The conflict had begun the previous September. About 11,000 miners in southern Colorado went on strike against the powerful Colorado Fuel & Iron Corporation (CF&I) to protest low pay, dangerous working conditions, and the company’s autocratic dominance over the workers’ lives. The CF&I, which was owned by the Rockefeller family and Standard Oil, responded to the strike by immediately evicting the miners and their families from company-owned shacks. With help from the United Mine Workers, the miners moved with their families to canvas tent colonies scattered around the nearby hills and continued to strike.

When the evictions failed to end the strike, the Rockefeller interests hired private detectives that attacked the tent colonies with rifles and Gatling guns. The miners fought back, and several were killed. When the tenacity of the strikers became apparent, the Rockefellers approached the governor of Colorado, who authorized the use of the National Guard. The Rockefellers agreed to pay their wages.

At first, the strikers believed that the government had sent the National Guard to protect them. They soon discovered, though, that the militia was under orders to break the strike. On this day in 1914, two companies of guardsmen attacked the largest tent colony of strikers near the town of Ludlow, home to about 1,000 men, women, and children. The attack began in the morning with a barrage of bullets fired into the tents. The miners shot back with pistols and rifles.

After a strike leader was killed while attempting to negotiate a truce, the strikers feared the attack would intensify. To stay safe from gunfire, women and children took cover in pits dug beneath the tents. At dusk, guardsmen moved down from the hills and set the tent colony on fire with torches, shooting at the families as they fled into the hills. The true carnage, however, was not discovered until the next day, when a telephone linesman discovered a pit under one of the tents filled with the burned remains of 11 children and 2 women.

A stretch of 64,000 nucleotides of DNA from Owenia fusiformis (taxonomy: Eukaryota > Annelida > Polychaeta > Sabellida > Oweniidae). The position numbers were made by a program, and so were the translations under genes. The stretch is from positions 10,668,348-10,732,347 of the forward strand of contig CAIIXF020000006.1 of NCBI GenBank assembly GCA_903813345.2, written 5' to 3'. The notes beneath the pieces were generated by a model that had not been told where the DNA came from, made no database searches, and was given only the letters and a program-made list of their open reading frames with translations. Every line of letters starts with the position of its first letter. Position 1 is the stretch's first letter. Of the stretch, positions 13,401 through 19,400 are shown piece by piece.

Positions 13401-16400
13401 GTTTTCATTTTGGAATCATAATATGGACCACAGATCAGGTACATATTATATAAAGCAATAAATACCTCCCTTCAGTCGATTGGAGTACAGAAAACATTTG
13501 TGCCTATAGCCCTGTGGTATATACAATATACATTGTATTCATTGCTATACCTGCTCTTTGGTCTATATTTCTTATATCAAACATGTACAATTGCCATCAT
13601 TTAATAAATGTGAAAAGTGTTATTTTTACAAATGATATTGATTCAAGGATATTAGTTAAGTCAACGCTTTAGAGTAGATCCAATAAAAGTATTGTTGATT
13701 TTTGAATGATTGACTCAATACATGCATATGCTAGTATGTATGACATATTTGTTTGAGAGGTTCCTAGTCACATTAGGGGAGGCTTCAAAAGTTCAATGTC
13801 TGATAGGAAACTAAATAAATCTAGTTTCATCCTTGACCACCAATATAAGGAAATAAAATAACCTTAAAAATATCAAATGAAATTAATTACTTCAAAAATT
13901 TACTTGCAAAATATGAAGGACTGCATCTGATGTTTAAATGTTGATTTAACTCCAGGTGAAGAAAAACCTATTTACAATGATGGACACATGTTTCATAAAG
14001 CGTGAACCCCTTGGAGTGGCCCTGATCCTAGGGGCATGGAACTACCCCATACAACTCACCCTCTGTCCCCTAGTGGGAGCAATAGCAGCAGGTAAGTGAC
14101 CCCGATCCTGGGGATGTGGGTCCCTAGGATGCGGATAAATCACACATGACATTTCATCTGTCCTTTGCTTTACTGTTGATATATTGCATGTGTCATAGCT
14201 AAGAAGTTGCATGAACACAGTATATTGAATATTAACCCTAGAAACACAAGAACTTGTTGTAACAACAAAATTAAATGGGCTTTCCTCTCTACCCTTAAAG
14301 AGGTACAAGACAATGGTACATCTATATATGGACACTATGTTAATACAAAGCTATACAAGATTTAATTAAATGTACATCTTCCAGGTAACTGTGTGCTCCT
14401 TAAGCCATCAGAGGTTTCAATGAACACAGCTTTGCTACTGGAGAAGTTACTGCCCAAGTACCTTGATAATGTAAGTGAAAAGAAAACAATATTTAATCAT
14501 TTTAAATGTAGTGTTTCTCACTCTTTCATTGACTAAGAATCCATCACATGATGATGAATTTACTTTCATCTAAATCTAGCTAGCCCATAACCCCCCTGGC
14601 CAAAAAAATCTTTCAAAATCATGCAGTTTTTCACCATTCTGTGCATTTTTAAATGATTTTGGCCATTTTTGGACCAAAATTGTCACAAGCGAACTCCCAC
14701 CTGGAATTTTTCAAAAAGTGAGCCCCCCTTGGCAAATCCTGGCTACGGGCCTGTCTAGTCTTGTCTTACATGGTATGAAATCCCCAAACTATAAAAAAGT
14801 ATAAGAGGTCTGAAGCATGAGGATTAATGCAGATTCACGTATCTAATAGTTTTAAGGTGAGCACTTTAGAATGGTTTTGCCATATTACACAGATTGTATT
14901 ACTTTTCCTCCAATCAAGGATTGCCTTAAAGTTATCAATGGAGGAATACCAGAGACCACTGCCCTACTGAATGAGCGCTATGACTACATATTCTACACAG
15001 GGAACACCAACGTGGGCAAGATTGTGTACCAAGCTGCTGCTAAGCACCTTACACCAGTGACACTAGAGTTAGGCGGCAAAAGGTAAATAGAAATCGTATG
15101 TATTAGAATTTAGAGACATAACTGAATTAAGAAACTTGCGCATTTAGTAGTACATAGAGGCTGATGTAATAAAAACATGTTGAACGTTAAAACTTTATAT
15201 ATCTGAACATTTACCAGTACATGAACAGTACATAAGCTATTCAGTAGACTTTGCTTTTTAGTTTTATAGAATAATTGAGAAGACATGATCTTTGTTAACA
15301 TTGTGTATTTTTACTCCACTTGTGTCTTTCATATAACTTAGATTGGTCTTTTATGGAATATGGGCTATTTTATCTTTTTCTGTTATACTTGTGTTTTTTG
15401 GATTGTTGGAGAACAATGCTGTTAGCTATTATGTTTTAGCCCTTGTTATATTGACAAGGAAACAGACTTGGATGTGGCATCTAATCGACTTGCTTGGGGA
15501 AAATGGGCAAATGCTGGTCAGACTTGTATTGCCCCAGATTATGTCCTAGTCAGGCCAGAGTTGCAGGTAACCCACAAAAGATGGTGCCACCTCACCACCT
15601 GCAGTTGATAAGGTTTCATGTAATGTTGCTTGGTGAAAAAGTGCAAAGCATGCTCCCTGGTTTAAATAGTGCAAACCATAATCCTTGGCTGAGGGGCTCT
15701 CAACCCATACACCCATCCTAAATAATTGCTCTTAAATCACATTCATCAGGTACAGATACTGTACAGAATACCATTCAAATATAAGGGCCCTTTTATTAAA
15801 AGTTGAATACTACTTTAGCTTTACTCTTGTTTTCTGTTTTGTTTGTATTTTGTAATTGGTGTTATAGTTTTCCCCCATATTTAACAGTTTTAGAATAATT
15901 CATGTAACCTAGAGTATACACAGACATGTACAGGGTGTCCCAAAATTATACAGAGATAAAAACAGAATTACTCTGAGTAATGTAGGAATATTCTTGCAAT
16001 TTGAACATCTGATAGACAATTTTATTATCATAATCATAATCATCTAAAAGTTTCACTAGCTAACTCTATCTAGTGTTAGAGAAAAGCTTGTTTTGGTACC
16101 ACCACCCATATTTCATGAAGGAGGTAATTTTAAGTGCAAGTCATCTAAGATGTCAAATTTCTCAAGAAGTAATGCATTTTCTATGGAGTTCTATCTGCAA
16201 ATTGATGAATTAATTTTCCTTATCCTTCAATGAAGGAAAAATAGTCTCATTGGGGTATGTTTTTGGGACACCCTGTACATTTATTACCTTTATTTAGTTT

Although the “Ludlow Massacre” outraged many Americans, the tragedy did little to help the beleaguered Colorado miners and their families. Additional federal troops crushed the coal-miners’ strike, and the miners failed to achieve recognition of their union or any significant improvement in their wages and working conditions. Sixty-six men, women, and children died during the strike, but not a single militiaman or private detective was charged with any crime.
Militia slaughters strikers at Ludlow, Colorado - Apr 20, 1914 - HISTORY.com
http://www.youtube.com/watch?v=Tpg_v5F6qSY

http://www.youtube.com/watch?v=XDd64suDz1A
, ,


A time when violence got things done, Both for the rich as well as those looking for fast money....

Dang shame this period is here again..
....